Think of Los Angeles-area theater as live Netflix. Any genre you might desire is on offer, including these samplings in the 99-Seat Beat, our weekly theater column: the faux-1930s musical comedy “Dames at Sea”; a re-imagined version of the social drama “An Enemy of the People”; the Latinx LGBTQ short-play festival Brown & Out; and a touching meetup of opposites who are alike in “Dancing Lessons.”
‘Dames at Sea’ in Sierra Madre
The essentials: Ruby arrives in New York City clutching little more than tap shoes and showbiz dreams. There she meets Dick, a Navy man who wants to write songs. Before you know it, they’re using a battleship as their theater.
Why this? “Dames at Sea” was written in the 1960s as a playful send-up/throwback to the featherweight, feel-good movie musicals of the 1930s, going so far as to give its protagonists the same names as Ruby Keeler and Dick Powell, the stars of so many of those films. With its high-energy score and madcap characters, it was a long-running hit off-Broadway. Joshua Finkel, who is directing the show for Sierra Madre Playhouse, promises comedy delivered in authentic ’30s style, as well as a whole lot of tap dancing. He’s become expert in delivering a lot with a little. The cast numbers just six, and the stage is postage-stamp size, but everything feels much bigger.
Details: Sierra Madre Playhouse, 87 W. Sierra Madre Blvd., Sierra Madre. 8 p.m. Fridays and Saturdays, 2:30 p.m. Sundays, through July 21. $25-$45. (626) 355-4318, sierramadreplayhouse.org
‘Enemy of the People’ at Theatricum
The essentials: People in high places plot against a doctor who is about to reveal that the water at the local spa is contaminated, threatening the town’s livelihood. Ellen Geer has freely adapted Henrik Ibsen’s “An Enemy of the People” for Will Geer’s Theatricum Botanicum, relocating the 1882 drama to South Carolina in 1980.
Why this? Ibsen, the father of realistic drama, was a questioner, and Geer, who is Theatricum’s producing artistic director, admires his evenhandedness in this play. There are no clear good guys nor bad guys, she says, just “people trying to make a moral decision in a very complex time.” To recontextualize the Norwegian master’s drama for an American audience, Geer chose the year that launched the Reagan era, with all of the social and economic changes it set in motion. She also reenvisioned the doctor and his wife as a mixed-race couple in a place where state law, though unenforceable, still officially banned interracial marriage. As for safe water, current events — in Flint, Mich., California’s Central Valley and elsewhere — have made the issue newly relevant.
Details: Will Geer’s Theatricum Botanicum, 1419 N. Topanga Canyon Blvd., Topanga. Opens Saturday. In repertory various Fridays, Saturdays or Sundays through Sept. 28. $10-$42. (310) 455-3723, theatricum.com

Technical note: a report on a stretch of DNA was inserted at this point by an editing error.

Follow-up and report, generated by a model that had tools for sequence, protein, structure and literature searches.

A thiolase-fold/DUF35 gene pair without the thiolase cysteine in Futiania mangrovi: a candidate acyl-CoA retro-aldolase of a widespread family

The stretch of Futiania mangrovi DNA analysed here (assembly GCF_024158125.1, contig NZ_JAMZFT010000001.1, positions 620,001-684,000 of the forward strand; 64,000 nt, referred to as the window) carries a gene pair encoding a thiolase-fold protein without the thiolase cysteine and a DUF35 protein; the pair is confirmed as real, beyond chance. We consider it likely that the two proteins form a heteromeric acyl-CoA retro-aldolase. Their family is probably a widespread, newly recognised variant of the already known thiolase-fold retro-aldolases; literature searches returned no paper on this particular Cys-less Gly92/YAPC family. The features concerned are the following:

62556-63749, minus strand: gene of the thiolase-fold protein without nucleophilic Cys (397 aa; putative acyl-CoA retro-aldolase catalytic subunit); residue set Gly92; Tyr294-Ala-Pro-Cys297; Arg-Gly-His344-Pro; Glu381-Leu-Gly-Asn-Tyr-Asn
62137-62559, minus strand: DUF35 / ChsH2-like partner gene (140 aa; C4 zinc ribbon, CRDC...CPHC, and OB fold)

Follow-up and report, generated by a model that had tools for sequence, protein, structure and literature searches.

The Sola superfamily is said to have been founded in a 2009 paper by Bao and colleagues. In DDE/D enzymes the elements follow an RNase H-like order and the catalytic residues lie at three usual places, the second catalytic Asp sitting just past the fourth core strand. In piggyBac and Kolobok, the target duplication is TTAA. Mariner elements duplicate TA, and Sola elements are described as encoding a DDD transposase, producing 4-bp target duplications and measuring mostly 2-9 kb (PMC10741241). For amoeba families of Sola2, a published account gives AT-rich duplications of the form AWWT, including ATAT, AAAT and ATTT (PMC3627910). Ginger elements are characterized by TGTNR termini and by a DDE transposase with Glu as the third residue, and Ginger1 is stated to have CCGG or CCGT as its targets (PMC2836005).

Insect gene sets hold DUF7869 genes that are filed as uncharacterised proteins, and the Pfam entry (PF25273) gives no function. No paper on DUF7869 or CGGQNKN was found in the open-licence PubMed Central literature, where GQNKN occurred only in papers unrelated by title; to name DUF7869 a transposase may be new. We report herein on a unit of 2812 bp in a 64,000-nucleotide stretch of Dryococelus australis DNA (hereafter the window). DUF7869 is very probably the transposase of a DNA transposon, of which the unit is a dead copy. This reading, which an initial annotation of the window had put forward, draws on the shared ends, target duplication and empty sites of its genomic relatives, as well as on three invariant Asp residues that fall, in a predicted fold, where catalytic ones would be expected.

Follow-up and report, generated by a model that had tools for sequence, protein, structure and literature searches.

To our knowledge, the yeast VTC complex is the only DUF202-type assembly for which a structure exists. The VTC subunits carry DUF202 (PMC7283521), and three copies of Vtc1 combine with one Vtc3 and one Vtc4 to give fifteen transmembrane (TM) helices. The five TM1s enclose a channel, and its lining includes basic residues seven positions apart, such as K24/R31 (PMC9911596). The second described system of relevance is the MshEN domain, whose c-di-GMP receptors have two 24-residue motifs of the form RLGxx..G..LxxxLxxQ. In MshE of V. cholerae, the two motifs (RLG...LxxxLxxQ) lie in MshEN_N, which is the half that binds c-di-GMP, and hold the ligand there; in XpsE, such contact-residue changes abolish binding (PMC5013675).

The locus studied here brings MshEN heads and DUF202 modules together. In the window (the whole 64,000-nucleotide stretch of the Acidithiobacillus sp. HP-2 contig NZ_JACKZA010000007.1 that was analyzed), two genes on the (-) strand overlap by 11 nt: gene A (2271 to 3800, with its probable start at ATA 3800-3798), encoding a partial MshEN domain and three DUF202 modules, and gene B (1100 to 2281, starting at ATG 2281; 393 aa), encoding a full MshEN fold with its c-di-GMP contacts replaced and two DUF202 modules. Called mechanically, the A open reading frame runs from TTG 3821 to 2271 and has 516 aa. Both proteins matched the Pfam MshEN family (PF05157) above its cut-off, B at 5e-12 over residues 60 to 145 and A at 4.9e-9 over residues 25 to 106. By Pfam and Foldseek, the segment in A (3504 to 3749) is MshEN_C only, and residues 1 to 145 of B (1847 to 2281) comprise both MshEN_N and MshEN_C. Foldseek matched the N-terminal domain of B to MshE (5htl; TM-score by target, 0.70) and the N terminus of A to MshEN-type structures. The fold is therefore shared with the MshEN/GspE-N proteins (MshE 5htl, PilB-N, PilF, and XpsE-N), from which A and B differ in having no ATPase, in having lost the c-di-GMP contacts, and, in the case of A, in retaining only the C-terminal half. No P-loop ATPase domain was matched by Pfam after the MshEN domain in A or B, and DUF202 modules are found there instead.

Brown & Out at Casa 0101
The essentials: At Casa 0101’s annual Brown & Out play festival, Latinx LGBTQ writers tell stories that reflect their lives, using specifics to convey what’s universal. The 11 short plays and one short film this year take on such topics as identity, activism, legal status, secrets, trauma, validation, complications of the internet era and the search for romance.
Why this? Casa 0101’s Josefina López says: “Our mission is to nurture the future storytellers of Los Angeles who will somehow transform the world. As an artistic director I’ve always asked: Who’s being left out?” The Brown & Out festival, in its fifth year, is one result. For two years now, the featured works — each about 10 minutes long — have emerged from a Casa playwriting workshop for LGBTQ writers. “Stand in the light, stand in your truth,” López says. And share it.
Details: Casa 0101, 2102 E. 1st St., Boyle Heights. 8 p.m. Thursdays-Saturdays, 4 p.m. Sundays; ends July 7. $20-$30; $65 VIP package. (323) 263-7684, brownandoutfest.com
‘Dancing Lessons’ by Ensemble Theatre Company
The essentials: “Go away!” she yells. This could be the start a beautiful friendship. Ever Montgomery, a science professor, and Senga Quinn, a professional dancer, live two floors apart in a New York apartment building. They meet when Ever shows up at Senga’s door with a request. He’d like to learn enough social dance to avoid embarrassment at a dinner where he’s being feted. Would she teach him?
Why this? Playwright Mark St. Germain has a knack for illustrating the unlikely connections among people, as demonstrated in “Camping With Henry and Tom” (Henry Ford, Thomas Edison and President Warren G. Harding) and “Freud’s Last Stand” (Sigmund Freud and C.S. Lewis). In “Dancing Lessons,” Ever has Asperger’s syndrome, which makes social interaction difficult; Senga is deeply depressed after a potentially career-ending injury. His arrival at her door could be just what both need. The play has racked up positive reviews since its premiere five years ago in Massachusetts. Ensemble Theatre Company is in the midst of a hot streak with recent plays including “Everything Is Illuminated,” “The Legend of Georgia McBride” and “City of Conversation.”
Details: The New Vic, 33 W. Victoria St., Santa Barbara. 8 p.m. Wednesdays-Saturdays, 2 and 7 p.m. Sundays; ends June 30. $25-$75. (805) 965-5400, etcsb.org
The 99-Seat Beat appears every Friday. Our writers shortlist offerings with an emphasis on smaller venues. Some recommendations are shows we’ve seen; others are based on the track record of the company, playwright, director or cast.